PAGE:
IFAW brings together unlikely suspects to fight wildlife crime

IFAW brings together unlikely suspects to fight wildlife crime
Friday, 11 March, 2016
Washington, D.C

As part of its tenBoma initiative, the International Fund for Animal Welfare (IFAW) sponsored a Congressional Forum to examine concrete intelligence-driven approaches to dismantle criminal networks involved in the illicit killing and trafficking of protected animal species.

The forum brought together a diverse group of thought leaders, government officials and advocates, such as U.S. State Department Senior Director of National Security and Diplomacy David Luna and Kenyan Cabinet Secretary for Environment, Water and Resources Judi Wakhungu who were joined by INTERPOL, Lawyers without Borders, Invisible Children, The American Geographical Society, U.S. Geospatial Intelligence Foundation and several other geography, mapping and intelligence experts and IFAW to talk about how the various players can share date and other intelligence resources to put an end to wildlife trafficking.

Currently, wildlife trafficking is a $19 billion industry, dominated by sophisticated international criminal networks killing protected species at unsustainable rates. The profits they make fund terrorism by wiping out protected and endangered wildlife as is documented in IFAW’s report, entitled Criminal Nature: The Global Security Implications of Illegal Wildlife Trade in 2013.

“Elephants, rhinos and other wildlife are falling victim to sophisticated criminal syndicates in astounding numbers. We are building a network to fight the network,” said Azzedine Downes, President and CEO, (IFAW). “Together we will translate the accumulated knowledge through research, policy and practice into effective intelligence-driven action to conserve wildlife.”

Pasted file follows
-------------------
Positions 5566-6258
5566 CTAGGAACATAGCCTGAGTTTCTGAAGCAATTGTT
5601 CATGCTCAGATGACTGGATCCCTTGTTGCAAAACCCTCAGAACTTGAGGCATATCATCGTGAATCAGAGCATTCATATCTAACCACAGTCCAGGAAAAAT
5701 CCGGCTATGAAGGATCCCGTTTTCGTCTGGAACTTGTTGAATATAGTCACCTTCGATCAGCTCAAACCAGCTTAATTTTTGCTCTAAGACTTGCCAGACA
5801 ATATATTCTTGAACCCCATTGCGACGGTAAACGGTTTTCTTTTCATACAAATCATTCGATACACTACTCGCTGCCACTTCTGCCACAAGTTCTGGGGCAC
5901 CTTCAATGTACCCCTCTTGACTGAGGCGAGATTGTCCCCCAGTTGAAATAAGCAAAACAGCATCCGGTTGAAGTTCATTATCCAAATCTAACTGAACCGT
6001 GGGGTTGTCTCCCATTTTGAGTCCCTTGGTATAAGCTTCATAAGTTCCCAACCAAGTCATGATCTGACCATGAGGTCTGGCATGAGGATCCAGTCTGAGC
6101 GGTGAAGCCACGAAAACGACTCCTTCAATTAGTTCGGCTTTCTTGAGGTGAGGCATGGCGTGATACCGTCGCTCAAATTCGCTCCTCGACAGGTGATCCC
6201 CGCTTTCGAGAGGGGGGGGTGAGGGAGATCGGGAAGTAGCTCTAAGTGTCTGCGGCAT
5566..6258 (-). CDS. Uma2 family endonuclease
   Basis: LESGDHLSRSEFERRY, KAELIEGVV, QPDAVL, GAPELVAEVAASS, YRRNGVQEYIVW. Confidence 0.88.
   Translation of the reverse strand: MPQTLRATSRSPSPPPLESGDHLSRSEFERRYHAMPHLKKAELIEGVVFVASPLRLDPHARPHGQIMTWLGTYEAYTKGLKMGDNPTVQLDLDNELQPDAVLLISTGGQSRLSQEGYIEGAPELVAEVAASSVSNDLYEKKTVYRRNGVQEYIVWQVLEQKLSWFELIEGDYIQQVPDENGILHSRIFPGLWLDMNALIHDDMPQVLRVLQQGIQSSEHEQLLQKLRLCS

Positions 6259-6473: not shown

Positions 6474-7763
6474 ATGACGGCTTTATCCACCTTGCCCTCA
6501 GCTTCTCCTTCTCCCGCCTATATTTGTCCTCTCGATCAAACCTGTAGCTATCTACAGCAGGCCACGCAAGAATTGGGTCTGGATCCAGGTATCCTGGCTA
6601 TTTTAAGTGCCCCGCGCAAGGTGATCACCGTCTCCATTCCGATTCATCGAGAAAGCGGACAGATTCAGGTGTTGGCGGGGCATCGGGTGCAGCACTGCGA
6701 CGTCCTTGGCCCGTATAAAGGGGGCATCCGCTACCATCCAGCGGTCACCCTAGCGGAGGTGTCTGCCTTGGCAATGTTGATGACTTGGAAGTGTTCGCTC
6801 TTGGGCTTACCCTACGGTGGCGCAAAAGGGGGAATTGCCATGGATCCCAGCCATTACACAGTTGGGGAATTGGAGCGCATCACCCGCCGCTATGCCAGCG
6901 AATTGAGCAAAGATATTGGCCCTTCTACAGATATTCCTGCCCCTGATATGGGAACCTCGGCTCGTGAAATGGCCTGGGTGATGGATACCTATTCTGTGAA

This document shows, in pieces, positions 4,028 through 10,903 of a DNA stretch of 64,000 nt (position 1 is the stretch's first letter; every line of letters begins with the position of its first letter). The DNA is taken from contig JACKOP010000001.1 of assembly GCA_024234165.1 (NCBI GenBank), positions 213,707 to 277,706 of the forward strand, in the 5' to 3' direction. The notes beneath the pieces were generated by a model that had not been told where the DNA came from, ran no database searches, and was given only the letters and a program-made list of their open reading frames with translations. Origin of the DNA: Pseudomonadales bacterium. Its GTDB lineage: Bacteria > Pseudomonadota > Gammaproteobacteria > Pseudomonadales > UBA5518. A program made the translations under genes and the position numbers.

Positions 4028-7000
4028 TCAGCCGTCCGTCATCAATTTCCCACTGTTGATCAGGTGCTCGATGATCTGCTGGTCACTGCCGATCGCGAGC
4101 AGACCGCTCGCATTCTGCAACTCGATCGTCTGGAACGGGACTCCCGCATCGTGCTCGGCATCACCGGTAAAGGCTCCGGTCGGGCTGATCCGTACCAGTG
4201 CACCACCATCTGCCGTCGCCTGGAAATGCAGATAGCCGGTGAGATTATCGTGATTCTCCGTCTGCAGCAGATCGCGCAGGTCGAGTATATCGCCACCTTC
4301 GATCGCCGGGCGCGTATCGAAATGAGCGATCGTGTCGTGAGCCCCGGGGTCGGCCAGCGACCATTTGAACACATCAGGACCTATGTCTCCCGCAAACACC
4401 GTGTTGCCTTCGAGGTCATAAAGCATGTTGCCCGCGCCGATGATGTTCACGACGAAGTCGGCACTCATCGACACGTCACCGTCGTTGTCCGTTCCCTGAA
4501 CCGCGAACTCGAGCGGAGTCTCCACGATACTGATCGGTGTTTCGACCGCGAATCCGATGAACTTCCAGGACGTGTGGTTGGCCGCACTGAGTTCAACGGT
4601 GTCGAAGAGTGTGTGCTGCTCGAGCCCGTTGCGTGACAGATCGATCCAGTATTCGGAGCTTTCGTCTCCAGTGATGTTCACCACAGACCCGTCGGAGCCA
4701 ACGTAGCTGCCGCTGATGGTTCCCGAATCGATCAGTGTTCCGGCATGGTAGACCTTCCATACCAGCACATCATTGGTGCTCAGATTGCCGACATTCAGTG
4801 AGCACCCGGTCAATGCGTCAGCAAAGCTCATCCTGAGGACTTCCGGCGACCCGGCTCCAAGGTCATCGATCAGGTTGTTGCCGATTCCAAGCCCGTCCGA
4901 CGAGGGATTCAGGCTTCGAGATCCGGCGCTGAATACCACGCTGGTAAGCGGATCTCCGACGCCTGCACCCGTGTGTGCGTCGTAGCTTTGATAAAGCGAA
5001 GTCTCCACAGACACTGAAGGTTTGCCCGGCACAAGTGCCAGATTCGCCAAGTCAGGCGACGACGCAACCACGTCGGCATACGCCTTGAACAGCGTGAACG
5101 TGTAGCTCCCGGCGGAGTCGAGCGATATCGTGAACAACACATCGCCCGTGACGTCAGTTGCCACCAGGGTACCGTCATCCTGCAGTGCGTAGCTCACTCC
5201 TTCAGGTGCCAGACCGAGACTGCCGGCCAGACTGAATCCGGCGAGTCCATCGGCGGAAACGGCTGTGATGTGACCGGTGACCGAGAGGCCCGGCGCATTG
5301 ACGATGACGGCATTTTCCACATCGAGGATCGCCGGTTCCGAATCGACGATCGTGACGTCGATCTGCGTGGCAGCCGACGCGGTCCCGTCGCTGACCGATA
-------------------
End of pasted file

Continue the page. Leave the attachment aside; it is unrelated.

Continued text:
tenBoma is an ongoing effort created by IFAW to protect wildlife and combat this growing security concern utilizing a community based intelligence project and high-tech data analysis. The idea is based on an existing Kenyan community policing concept where every ten houses form a network of eyes and ears to enhance safety. Conservation groups, government and the private sector are now joining forces using this approach to protect wildlife in the tenBoma program.

About IFAW

Founded in 1969, IFAW saves animals in crisis around the world. With projects in more than 40 countries, IFAW rescues individual animals, works to prevent cruelty to animals, and advocates for the protection of wildlife and habitats. For more information, visit www.ifaw.org. Follow us on Facebook and Twitter.

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Experts

Azzedine Downes,IFAW President and CEO
President and Chief Executive Officer
Céline Sissler-Bienvenu, Director, France and Francophone Africa
Director, France and Francophone Africa
Dr. Elsayed Ahmed Mohamed, Regional Director, Middle East and North Africa
Regional Director, Middle East and North Africa
Dr. Joseph Okori
Regional Director, Southern Africa and Program Director, Landscape Conservation
Dr. Maria (Masha) N. Vorontsova, Regional Director, Russia & CIS
Regional Director, Russia & CIS
Faye Cuevas, Esq.
Senior Vice President
Grace Ge Gabriel, Regional Director, Asia
Regional Director, Asia
Jeffrey Flocken, Regional Director, North America
Regional Director, North America
Executive Vice President
Executive Vice President
Peter LaFontaine, Campaigns Manager, IFAW Washington, D.C.
Campaigns Manager, IFAW Washington, D.C.
Rikkert Reijnen, Program Director, Wildlife Crime
Program Director, Wildlife Crime
Country Representative, Germany
Country Representative, Germany
Tania McCrea-Steele, Project Lead, Global Wildlife Cybercrime
Project Lead, Global Wildlife Cybercrime
Vivek Menon, Director of IFAW partner, Wildlife Trust of India
Senior Advisor to the CEO on Strategic Partnerships & Philanthropy